The image of a hapless home owner trying to fix the bathtub or kitchen sink faucet without turning off the main water supply is a well-used comedy device. The lesson: turn the pressure off at the source before starting disassembly to avoid the spray and mess. There are similar situations in chemical process plants, but most are alleviated with a pressure relief valve (PRV).
During an over pressure incident, the safety system may depend on a PRV or rupture disk blowing, rather than shutting off the pressure upstream. When the relief device opens, it releases pressure, but also product which has to be handled by a flare or other recovery mechanism.
Many production units can be equipped with an overpressure protection system (OPS) designed to shut off the pressure at the source before the relief mechanism opens, avoiding the release entirely. Understanding how this approach works and how to apply it is the theme of a new article by Erik Mathiason and Afton Coleman in the April 2019 issue of Chemical Engineering titled Prevent Product Release with Pressure Protection Systems.
In some situations, it may be more practical to change the approach from releasing the pressure to cutting it off upstream at the source as quickly as possible to minimize or prevent product release through a PRV. Although this seems like an obvious solution, it happens less than one would expect; product is still lost with all the associated costs and inconveniences. It is important to consider alternate solutions to address safety and production challenges.
As the authors point out, an OPS is a basic safety instrumented function (SIF) and has to be treated as part of the larger safety instrumented system under the appropriate standards, including IEC 61511 with its safety lifecycle approach. It should also be designed by experts. Since it is a SIF, it has to have the required elements.
Let’s focus on the OPS function itself. It is a basic SIF designed to shut down flow in the event of an excessive pressure incident. Since it is a SIF, it has three basic parts: a sensor, a logic solver and a final element. These can be simple or highly sophisticated, but any components used must be certified to operate in a SIS context, with any uncertified components justified as proven-in-use.
The article goes into more detail as to how these are normally setup and how they function during an actual incident, so it’s well worth thorough study. One of the key areas of discussion is the sophistication of the components themselves, which can range from very basic to those with advanced diagnostic capabilities which can help improve the effectiveness of the SIF. Often these diagnostic functions begin with the pressure transmitters, such as Emerson’s Rosemount 3051S Coplanar Pressure Transmitter. It is available with SIL 2/3 certification.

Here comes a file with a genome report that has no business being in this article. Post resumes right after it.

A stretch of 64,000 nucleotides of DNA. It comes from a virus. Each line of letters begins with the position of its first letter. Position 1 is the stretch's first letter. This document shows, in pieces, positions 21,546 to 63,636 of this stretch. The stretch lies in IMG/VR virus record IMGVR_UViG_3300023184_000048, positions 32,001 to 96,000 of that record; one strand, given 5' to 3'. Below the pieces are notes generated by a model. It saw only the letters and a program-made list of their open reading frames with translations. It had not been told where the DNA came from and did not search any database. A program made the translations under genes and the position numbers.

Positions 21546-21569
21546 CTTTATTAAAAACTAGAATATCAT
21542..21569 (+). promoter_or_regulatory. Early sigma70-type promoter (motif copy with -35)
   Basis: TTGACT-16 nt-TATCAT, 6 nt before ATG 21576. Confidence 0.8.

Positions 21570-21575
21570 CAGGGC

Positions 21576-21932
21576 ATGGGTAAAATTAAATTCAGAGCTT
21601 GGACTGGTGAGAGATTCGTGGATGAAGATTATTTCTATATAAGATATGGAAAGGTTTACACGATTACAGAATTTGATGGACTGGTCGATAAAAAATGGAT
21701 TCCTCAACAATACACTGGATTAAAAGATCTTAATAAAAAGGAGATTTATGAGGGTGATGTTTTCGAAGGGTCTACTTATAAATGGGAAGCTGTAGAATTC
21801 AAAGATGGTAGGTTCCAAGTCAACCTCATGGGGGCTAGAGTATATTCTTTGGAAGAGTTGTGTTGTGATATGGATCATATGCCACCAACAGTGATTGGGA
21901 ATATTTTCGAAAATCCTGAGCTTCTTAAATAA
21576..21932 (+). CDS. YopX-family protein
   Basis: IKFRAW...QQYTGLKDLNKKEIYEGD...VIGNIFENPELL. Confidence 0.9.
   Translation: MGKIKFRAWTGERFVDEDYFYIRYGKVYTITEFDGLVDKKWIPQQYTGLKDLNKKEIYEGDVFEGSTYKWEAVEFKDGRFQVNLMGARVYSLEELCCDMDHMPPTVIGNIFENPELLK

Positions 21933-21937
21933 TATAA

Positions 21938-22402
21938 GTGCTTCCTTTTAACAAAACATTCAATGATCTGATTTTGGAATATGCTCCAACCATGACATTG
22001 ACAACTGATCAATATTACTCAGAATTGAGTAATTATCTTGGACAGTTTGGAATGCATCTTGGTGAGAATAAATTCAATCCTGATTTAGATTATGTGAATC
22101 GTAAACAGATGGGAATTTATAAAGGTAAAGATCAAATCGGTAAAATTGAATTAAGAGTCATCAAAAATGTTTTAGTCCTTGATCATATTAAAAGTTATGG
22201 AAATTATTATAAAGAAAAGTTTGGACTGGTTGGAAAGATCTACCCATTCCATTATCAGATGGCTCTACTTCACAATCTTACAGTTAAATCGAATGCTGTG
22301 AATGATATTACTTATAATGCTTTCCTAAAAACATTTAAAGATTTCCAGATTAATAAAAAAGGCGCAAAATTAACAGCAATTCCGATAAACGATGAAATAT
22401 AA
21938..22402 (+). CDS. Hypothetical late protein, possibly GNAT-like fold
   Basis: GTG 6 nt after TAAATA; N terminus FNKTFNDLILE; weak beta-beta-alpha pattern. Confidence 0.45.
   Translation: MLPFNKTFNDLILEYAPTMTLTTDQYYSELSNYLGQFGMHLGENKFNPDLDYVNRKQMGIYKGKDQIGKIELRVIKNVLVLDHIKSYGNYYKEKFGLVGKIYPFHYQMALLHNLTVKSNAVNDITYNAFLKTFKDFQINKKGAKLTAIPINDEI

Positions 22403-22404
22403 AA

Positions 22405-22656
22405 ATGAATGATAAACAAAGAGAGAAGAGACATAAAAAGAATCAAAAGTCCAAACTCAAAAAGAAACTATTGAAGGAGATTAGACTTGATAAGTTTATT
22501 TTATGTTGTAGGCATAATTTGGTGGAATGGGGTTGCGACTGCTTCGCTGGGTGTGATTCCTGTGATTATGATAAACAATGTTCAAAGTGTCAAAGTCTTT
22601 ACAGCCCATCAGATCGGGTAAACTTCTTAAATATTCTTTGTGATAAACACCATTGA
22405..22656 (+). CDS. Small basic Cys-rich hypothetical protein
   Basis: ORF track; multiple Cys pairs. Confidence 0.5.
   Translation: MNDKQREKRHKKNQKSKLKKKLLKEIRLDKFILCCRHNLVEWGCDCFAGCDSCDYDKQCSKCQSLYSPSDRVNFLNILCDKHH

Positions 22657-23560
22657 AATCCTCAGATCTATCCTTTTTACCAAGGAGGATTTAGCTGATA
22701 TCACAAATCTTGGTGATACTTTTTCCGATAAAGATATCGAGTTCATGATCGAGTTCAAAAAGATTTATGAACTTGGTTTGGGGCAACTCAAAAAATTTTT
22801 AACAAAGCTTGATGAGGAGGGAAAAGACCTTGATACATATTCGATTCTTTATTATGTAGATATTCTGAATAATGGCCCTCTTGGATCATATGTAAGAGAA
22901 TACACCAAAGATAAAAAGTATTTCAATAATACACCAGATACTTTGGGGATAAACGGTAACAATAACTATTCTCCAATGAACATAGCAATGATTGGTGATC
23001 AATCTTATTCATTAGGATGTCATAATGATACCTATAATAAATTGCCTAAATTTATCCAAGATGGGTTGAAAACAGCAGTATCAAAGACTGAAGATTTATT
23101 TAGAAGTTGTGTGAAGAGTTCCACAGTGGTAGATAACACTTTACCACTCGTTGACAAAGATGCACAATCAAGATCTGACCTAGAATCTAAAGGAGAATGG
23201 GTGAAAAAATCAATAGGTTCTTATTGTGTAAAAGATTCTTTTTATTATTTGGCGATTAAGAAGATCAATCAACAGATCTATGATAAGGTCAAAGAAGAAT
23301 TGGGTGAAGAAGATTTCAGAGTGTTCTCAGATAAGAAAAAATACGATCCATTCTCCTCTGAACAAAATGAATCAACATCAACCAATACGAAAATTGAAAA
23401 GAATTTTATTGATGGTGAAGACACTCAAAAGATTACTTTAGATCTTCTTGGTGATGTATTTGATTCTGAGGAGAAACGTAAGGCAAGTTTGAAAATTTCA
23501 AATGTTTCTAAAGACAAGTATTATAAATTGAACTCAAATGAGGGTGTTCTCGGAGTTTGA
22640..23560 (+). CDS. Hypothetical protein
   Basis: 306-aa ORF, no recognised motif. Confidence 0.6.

The sensor can be a pressure transmitter, which is safety-certified and able to provide diagnostic information in addition to a basic pressure measurement. A pressure transmitter with advanced capabilities can evaluate the complete measurement system, extending diagnostics to capture over-pressure scenarios and improve reaction time. Speed is critical because the OPS must respond immediately to initiate the pressure protection system and protect the downstream equipment. This valuable information can be passed on to the larger process-control and maintenance systems without interfering with the basic safety function.
The same concepts can apply to the logic solver, valves and valve controllers—basically all the elements of the system—each of which can have these types of advanced capabilities to help improve system performance. The article explains functions, such as partial stroke testing of the valves, which a digital valve controller can perform, and there are many more possibilities.
You can find more information like this and meet with other people looking at the same kinds of situations in the Emerson Exchange 365 community. It’s a place where you can communicate and exchange information with experts and peers in all sorts of industries around the world. Look for the Pressure Group, Chemical Group and other specialty areas for suggestions and answers.
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